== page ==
11. klrwhizkid

    klrwhizkid Administrator Staff Member Administrator Supporter

    Here are two simple intercom diagrams.
    One is just a "party line" where anyone that picks up a handset can talk and hear.
    The other is still a party line but with buzzers added so remote stations can call the dispatcher and individual buzzers at each station so the dispatcher can call individual stations.

    The handsets are old Western Electric telephone handsets with carbon microphones and receivers. These can be found on ebay from time to time for reasonable prices.

    Hook switches will allow more handsets to be connected without significant performance drop off. Beyond some point (number of handsets) the system would require a different configuration involving networks (transformers) at each station. (I'm still investigating that solution - more to follow).

    Attached Files:

    Last edited by a moderator: Apr 19, 2010
  12. Sirfoldalot

    Sirfoldalot Supporter Supporter

    Very nice drawings - Keith - Thanks for the info. :)
  13. klrwhizkid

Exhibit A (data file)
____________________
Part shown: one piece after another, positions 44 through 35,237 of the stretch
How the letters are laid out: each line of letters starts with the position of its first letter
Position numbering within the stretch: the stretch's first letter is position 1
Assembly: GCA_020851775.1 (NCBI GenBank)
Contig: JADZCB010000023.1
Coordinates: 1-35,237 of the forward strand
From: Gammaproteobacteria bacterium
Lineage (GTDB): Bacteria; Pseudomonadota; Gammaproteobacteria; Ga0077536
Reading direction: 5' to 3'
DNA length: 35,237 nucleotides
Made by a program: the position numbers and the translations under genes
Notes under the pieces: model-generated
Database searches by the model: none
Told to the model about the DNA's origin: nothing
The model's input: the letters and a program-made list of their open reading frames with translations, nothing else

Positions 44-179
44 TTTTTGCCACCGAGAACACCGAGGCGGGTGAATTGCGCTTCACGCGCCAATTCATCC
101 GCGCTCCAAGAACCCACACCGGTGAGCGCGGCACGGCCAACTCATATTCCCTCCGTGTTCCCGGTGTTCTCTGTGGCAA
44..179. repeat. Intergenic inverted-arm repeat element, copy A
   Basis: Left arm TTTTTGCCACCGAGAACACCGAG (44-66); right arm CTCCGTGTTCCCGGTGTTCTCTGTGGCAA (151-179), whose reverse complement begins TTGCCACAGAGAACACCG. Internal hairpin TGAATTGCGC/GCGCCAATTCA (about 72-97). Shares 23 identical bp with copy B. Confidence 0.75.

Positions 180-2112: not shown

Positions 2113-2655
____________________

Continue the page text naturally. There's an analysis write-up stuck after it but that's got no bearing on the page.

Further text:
klrwhizkid Administrator Staff Member Administrator Supporter

    Here are some designs that incorporate what the telecom guys call networks (transformers plus some other stuff inside). Networks can allow a system to be very simple, using only two wires to interconnect stations and create a party-line system.

    The designs on this post include a lamp at the dispatcher's station for every station on the layout and a buzzer at every station. If someone out on the layout picks up a handset, then the corresponding lamp at the dispatcher's station will illuminate. The remote station also has a pushbutton to buzz the dispatcher if the lamp doesn't get his attention. The dispatcher can also select one of the remote stations with the selector switch and pushbutton and buzz that station to get their attention.

    Two good sources for telephone parts, handsets and handset hangers with "2 Form C switches" are:
    Mike Sandman at and
    Ron Knappen at

    For pushbuttons, I have used the simple, round doorbell buttons, but they are starting to get hard to find cheap because everyone wants fancy doorbell buttons.
    For the indicator lamps, I would recommend 12 volt LED indicators - they use little current, so they won't stress a power supply.

    If you are serious about building your own system, send me a PM - I will be glad to discuss in more detail.

    Attached Files:

    Last edited by a moderator: May 20, 2010